Trent Ruiz

April 27, 2023 - CSU Channel Islands (CSUCI) Applied Physics major Trent Ruiz failed to get into college more than once, often felt discouraged, and struggled with anxiety and depression.

But thanks to mentors, good therapists and sheer perseverance, Ruiz, 29, became the first in his family to attend college, is the recipient of two major scholarships, and served as the lead student for a recently awarded grant from NASA for $80K.

“I’m graduating but I don’t want to stop being part of the physics department here,” Ruiz said. “The mentors here have changed my life. Sometimes people just need an opportunity.”

One of the scholarships was a $2,500 STEM-NET SoCalGas Student Research Fellowship for undergraduate students to work with CSU science, technology, engineering, math (STEM) faculty members on research projects during the summer 2022 semester. Ruiz and the five other SoCalGas scholars will present the results of the research during the Spring 2023 STEM-NET SoCalGas Student Research Fellowship Virtual Café on Thursday, April 27 from noon to 1:30 p.m.

“I was killing myself working seven days a week,” Ruiz said. “Having these funded research opportunities allows me to focus on school. I wake up every morning excited. It has allowed me to care for my mental health.”

The title of Ruiz’s research study is: Computational Aspects of Peridynamic Corrosion Damage Modeling and Scanning Vibrating Electrode Technique Validation - which, simply put, describes a mathematical model that can predict corrosion damage in various metals.

“Corrosion plays a big role in our infrastructure,” Ruiz explained. “Especially in our underwater pipelines. Once you put steel in an electrolytic (like saltwater) solution, it corrodes like crazy. Our models will be able to predict where corrosion is going to happen.”

His research interests also played a part in a major grant proposal he wrote with Associate Professor of Mathematics Cynthia Flores, one of the mentors who helped change his life.

“Trent Ruiz is what Channel Islands is all about,” Flores said. “I'll never forget the effort and creativity he puts into his math assignments. He recently led the successful $80K NASA grant we've been awarded on modeling and validating corrosion damage for aerospace metals and I look forward to continuing working with him and following his career journey.” 

Ruiz also is the recipient of a Hispanic-Serving Institution “STEM Model for Advancing Research and Teaching” (HSI-SMART) scholarship for $4,200. Flores recommended Ruiz for the scholarship and invited him to participate in her research project.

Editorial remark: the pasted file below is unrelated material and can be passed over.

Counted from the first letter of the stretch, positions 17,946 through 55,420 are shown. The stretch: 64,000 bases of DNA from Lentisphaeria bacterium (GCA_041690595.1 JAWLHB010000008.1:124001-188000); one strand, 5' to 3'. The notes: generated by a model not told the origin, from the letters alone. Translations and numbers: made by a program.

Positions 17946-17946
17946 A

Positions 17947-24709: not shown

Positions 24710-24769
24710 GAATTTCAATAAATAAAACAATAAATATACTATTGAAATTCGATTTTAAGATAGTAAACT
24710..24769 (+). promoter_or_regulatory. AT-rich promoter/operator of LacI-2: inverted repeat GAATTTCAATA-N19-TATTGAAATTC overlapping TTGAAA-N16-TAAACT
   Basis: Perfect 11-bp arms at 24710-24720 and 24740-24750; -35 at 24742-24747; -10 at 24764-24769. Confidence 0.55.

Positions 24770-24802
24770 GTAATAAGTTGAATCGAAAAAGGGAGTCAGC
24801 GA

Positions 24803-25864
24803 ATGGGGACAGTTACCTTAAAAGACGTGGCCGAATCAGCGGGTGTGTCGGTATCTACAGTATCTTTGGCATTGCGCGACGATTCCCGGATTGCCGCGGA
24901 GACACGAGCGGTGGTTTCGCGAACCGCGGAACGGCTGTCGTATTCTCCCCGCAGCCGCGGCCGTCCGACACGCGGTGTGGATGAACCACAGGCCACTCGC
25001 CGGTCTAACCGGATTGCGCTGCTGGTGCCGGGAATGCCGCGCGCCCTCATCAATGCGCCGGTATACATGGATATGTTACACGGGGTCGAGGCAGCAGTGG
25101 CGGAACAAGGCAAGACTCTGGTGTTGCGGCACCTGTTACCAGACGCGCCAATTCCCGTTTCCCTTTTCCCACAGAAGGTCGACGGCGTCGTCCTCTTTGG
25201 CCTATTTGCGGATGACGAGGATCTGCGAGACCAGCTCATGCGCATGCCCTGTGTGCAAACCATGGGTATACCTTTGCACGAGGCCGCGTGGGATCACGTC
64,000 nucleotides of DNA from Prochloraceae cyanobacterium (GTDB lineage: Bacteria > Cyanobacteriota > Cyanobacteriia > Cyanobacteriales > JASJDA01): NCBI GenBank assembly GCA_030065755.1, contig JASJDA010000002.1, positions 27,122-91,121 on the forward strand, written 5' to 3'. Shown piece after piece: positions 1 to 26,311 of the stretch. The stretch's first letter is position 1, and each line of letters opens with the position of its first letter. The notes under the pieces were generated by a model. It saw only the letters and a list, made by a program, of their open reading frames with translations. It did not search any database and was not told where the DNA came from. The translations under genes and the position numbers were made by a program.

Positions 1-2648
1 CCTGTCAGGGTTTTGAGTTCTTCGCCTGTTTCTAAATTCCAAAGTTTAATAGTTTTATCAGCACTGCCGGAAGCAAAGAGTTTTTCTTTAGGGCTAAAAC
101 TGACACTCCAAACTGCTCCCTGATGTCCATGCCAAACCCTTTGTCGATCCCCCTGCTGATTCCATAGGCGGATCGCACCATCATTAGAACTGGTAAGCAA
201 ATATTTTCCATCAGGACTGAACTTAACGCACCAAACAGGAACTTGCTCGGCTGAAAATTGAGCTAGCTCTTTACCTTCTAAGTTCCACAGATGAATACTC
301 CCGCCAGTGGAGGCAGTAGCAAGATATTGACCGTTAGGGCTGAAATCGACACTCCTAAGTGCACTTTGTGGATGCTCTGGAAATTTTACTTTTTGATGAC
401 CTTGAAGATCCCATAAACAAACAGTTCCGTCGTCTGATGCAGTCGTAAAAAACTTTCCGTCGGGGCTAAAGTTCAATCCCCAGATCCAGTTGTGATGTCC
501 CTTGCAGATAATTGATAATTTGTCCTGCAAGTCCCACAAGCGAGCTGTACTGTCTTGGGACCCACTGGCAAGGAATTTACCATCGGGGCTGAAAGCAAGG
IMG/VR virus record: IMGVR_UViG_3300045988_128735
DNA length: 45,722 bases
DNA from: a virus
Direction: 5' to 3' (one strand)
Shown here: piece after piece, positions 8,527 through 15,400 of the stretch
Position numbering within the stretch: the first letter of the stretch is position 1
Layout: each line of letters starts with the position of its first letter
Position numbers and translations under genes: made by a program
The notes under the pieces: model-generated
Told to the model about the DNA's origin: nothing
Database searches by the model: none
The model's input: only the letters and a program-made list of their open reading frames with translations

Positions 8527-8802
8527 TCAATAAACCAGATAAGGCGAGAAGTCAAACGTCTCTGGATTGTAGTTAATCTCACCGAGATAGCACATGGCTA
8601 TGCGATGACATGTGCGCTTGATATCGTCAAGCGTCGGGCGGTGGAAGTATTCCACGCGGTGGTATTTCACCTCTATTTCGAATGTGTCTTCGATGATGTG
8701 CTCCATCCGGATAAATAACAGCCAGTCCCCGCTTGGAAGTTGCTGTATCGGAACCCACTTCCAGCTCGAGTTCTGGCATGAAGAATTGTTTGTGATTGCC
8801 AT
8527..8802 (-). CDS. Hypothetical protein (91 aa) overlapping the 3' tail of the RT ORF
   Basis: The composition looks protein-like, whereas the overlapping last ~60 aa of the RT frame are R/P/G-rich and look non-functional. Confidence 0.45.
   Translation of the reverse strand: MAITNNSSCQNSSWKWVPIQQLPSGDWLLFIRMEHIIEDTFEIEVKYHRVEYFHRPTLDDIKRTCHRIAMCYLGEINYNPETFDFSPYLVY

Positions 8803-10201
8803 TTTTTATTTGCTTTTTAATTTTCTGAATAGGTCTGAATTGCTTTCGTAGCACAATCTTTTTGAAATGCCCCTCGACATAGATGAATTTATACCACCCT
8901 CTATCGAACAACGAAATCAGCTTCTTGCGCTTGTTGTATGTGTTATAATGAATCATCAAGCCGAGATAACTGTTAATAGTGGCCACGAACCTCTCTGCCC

Ruiz is the first to tell you that his story might have had a different ending had he not known when to ask for help.

The Ventura native graduated from Foothill Technology High School and began studying engineering at Ventura College, but his journey to CSUCI was not a straight line.

“The first time I applied to colleges, I got denied,” he said. “I finally got wait-listed at UC San Diego (UCSD), but I was suffering from some really bad mental health problems and I was not doing well academically. I finally got into UCSD, but they kicked me out because of my grades. For a long time I didn’t think I was going to go to college.”

When he returned to Ventura, a former high school mentor contacted him and asked if he would tutor his son and daughter.

“Through tutoring his kids, I fell in love with science all over again,” Ruiz said. “Trigonometry, calculus, all of it. I began tutoring a handful of Foothill students and I even tutored my mom’s friends so they could get a job promotion. And it paid my bills.”

But his anxiety and depression were still getting the best of him, so his attempts to return to college were unsuccessful.

“I cared so little about myself, I was so stressed about all kinds of things,” Ruiz said. “I was a financial burden on my family, but it was so hard to care about school. Then I had a friend at UCSD who had gone to counseling at the college, so I went to therapy.”

Therapy was just what he needed. Ruiz then applied to CSUCI and, after one unsuccessful attempt, was accepted. He thrived in physics and mathematics under the mentorship of faculty members like Flores, Physics Lecturer Brian Rasnow, and Professor of Physics Greg Wood, to name a few.

“When I first went back to school and studied physics and math, I just wanted to know more,” Ruiz said. “It’s just - existential. It’s the reason I know I’m in the universe. You can’t make this stuff up and it’s beautiful. The fact that I’m learning a language that is the same throughout the entirety of the universe. It doesn’t matter what language you speak because the language of mathematics is always the same.”

After graduation, he hopes to pursue a Ph.D. or look into starting up a company using the research he’s continuing to develop about corrosion. He is open about his struggles because he wants other students experiencing the same struggles to know that there’s hope, and there’s help.

Tune into the STEM-NET SoCalGas Student Research Fellowship Virtual Café on Thursday, April 27 at noon to learn more about Trent’s research.

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